One of my father’s perennial Christmas gifts to my brothers and me is a renewed subscription to Backpacker Magazine. After my March issue came in the mail, he texted me, “Check out page 61.” I flipped through the glossy pages of gear and gorgeous views to find that someone at Backpacker Magazine had learned what Missouri hikers have long known — the overnight-distance trail between Peck Ranch Conservation Area and the Current River is a walk not soon forgotten.

Participants of Twin Pines Conservation Education Center's annual backpacking program take a break to pose for a photo at Klepzig Mill.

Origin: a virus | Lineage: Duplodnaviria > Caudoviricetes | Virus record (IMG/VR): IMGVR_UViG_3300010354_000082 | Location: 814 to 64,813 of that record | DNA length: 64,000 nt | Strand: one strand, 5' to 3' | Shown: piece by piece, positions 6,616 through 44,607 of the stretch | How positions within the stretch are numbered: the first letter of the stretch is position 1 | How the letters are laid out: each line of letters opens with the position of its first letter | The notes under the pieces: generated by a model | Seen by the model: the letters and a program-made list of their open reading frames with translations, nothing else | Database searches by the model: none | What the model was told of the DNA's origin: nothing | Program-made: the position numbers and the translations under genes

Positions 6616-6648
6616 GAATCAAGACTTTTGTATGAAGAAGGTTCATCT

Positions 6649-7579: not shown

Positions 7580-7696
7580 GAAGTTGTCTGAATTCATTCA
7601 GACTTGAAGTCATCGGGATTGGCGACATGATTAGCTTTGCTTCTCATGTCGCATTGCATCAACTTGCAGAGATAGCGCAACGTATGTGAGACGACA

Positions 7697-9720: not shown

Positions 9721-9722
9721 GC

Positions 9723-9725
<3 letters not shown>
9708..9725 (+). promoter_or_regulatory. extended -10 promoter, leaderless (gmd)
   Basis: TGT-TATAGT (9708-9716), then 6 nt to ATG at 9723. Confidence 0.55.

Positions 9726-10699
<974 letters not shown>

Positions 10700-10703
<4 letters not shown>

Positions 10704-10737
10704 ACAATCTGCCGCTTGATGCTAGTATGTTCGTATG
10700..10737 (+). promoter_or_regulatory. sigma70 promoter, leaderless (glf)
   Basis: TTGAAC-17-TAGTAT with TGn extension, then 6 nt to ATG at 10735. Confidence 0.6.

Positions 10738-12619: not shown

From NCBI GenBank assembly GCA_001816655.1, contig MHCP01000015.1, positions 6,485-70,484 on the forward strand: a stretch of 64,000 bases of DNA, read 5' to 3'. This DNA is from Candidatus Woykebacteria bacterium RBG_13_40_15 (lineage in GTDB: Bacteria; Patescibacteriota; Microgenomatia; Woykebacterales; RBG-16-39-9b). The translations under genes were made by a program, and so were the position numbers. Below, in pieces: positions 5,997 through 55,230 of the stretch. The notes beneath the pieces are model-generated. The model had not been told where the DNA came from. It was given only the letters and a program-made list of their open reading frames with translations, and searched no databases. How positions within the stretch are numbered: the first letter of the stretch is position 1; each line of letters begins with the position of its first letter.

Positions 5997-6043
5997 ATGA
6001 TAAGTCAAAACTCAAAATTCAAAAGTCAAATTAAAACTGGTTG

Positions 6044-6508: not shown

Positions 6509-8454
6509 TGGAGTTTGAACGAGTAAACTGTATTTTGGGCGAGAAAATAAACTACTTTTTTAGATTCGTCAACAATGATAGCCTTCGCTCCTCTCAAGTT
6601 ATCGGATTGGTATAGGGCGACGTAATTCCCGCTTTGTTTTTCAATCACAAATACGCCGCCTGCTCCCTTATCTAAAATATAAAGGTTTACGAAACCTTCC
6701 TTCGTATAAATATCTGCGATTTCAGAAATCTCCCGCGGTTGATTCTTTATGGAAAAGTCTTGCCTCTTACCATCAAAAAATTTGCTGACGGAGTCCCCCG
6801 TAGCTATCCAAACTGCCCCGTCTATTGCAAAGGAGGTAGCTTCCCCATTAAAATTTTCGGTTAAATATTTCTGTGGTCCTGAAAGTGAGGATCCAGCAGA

Participants of Twin Pines Conservation Education Center’s annual backpacking program take a break to pose for a photo at Klepzig Mill.

A hiker’s eye view
The trail begins at the very edge of the Peck Ranch Wildlife Refuge, deep in the heart of the elk restoration zone. A hiker sets out from the trailhead parking lot down a gravel road to meet up with the Ozark Trail, his or her home for the next two days.

To the right is the boundary of the legendary Peck Ranch — the land that fostered the rebirth and restoration of Missouri’s wild turkey, whitetail deer, and native elk population. Its boundary is a simple hog fence, a relic of early conservationists’ efforts to keep free range pigs out.
When hiked in early mornings during the fall, the hiker might even hear the sound of a bull elk bugling over the gravel crunching underfoot.

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